Repossessions and bankruptcies are considered the most severe type of adverse credit you can have on your file, while things like missed phone bill payments are problems many providers may be willing to overlook.

Specialist providers often take a more flexible approach than those on the high-street and can offer a lifeline to applicants with any of the following…

These providers often base their lending decision on the cause and severity of the adverse, the age of the credit issue, and how closely you meet their other eligibility and affordability requirements.

For example, if you are trying to get a mortgage with a CCJ, its more likely, than a mortgage combined with several bad credit issues.

What else impacts eligibility besides my credit rating?

Although a provider will look at your credit history when assessing your application, they might also base their lending decision on the following variables…

  • Your income and employment status:
    The more you earn, the more you could borrow, but how you make your money will also be of interest to the provider when they’re calculating the size of your mortgage. A specialist provider might be needed if you’re self-employed or are hoping to get a mortgage based on bonuses, overtime or commission.
  • Your deposit:
    The minimum deposit sum you’ll need for a residential property is 5% (although some providers will want more) or 15% for a buy-to-let. The more deposit you put down the more you minimise some of the perceived risk your bad credit creates.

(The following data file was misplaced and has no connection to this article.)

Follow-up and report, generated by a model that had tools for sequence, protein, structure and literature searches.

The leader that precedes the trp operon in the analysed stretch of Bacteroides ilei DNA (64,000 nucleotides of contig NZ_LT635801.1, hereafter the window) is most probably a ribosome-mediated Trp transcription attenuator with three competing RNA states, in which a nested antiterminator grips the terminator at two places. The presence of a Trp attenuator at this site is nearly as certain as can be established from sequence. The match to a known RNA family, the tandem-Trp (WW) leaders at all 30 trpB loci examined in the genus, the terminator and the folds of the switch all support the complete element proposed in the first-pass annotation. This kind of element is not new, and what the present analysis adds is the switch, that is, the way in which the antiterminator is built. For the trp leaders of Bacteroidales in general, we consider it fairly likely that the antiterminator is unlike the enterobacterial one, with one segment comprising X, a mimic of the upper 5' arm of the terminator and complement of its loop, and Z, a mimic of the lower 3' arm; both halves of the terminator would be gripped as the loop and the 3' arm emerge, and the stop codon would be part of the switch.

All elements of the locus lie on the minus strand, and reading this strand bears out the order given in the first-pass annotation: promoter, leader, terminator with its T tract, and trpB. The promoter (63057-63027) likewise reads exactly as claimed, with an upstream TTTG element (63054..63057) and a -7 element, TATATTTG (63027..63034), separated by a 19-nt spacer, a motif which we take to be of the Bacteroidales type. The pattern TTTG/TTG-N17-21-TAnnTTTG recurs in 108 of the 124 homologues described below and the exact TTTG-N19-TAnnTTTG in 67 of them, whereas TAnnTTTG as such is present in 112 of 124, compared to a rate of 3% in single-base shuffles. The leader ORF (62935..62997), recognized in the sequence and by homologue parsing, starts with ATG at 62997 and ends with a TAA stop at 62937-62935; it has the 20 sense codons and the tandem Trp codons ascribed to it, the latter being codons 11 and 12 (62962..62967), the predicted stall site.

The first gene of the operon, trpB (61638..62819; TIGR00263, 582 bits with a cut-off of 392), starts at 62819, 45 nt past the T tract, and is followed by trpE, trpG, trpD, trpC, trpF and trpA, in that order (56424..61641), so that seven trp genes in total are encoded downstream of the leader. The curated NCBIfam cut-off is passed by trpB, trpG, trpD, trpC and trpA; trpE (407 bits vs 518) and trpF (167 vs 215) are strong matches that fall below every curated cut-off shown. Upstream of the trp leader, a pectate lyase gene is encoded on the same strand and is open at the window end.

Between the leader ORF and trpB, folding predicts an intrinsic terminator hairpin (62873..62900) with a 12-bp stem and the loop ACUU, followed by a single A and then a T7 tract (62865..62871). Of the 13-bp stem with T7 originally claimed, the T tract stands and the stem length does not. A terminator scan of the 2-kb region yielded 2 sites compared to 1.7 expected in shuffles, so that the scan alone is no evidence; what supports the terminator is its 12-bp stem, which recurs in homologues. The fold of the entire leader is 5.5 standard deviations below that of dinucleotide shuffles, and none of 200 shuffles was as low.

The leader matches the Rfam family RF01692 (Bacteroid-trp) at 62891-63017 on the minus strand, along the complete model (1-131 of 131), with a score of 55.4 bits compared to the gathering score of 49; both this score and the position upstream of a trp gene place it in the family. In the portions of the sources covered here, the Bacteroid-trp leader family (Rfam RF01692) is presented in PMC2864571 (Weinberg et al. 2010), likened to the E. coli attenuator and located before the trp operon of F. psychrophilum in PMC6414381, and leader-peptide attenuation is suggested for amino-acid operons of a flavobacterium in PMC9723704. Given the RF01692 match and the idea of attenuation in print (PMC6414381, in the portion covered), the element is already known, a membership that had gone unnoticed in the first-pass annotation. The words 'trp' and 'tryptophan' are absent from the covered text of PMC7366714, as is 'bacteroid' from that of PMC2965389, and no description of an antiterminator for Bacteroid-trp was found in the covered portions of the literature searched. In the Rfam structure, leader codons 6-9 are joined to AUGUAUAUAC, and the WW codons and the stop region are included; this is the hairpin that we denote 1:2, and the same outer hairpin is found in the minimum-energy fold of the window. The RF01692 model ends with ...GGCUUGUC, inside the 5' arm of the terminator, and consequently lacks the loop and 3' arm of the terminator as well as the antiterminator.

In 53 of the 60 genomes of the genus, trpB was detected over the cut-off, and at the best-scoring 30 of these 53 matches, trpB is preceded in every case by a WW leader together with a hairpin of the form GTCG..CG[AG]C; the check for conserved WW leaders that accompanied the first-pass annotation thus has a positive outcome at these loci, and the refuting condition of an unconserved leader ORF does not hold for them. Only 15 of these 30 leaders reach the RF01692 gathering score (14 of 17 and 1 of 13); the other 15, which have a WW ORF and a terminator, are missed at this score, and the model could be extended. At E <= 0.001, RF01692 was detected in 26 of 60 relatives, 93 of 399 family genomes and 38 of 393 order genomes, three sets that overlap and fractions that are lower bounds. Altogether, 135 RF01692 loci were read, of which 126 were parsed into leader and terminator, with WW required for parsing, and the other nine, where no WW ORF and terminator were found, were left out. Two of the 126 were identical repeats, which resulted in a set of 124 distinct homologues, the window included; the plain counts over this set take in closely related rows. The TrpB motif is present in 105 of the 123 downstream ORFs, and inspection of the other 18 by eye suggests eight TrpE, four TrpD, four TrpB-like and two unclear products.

• Your age:
    Some providers won’t cater for borrowers over 75, others 85 and a minority will lend with no upper age limit, as long as they’re confident the borrower will be capable of repaying their loan debt in retirement.
  • Your outgoings:
    Other significant outgoings (such as outstanding loans or dependent children) may affect the amount you’re able to borrow.
  • The property type:
    Properties with non-standard construction (i.e. thatched roof, timber frame, etc) might require a specialist.

Do high-street providers offer bad credit mortgages?

Not always, and the ones which do might offer you unfavourable rates.

The tables below will give you an idea of how likely you are to get a loan based on the type of credit issues you have and how long you might have to wait before pressing ahead.

0-12 Months 1-2 years 2-3 years 3-4 years 4+ years
Late payments Yes (Any number) Yes (Any number) Yes (Any number) Yes (Any number) Yes (Any number)
Mortgage Arrears Yes (Usually max 3 late) Yes (Any number) Yes (Any number) Yes (Any number) Yes (Any number)
CCJs Yes (if good LTV) Maybe (If good LTV) Yes (Any value) Yes (Any value) Yes (Any value)
Defaults Yes (if good LTV) Maybe (If good LTV) Maybe (If good LTV) Yes (Any value) Yes (Any value)
Debt MGBT Unlikely Yes (If credit report is unaffected) Yes (If credit report is unaffected) Yes (If credit report is unaffected) Yes (If credit report is unaffected)
IVA Unlikely Possible with a 25% deposit Possible with a 20% deposit Possible with a 20% deposit Possible with a 10% deposit
Bankruptcy Unlikely Possible with 25% deposit Possible with 15% deposit Possible with 5% deposit Possible with 5% deposit
Repossessions Unlikely Yes (with 25% deposit) Yes (with 25% deposit) Yes Yes

Please note that these tables are for example purposes only and were correct at the time of creation (January 2020). Get in touch and an expert will go over any updates with you.

If you have any type of bad credit, the independent brokers we work with will search the entire market for the best deal based on your needs and circumstances.

How your salary could affect your chances

Because mortgage rates are always in flux and can change at any time, getting an average figure for a bad credit loan is often ineffective. However, as a borrower with poor credit, the key to finding the best rates is access to the entire market and meeting the eligibility and affordability requirements for as many lenders as possible.

Which is where your salary can go a long way to help your application…

High income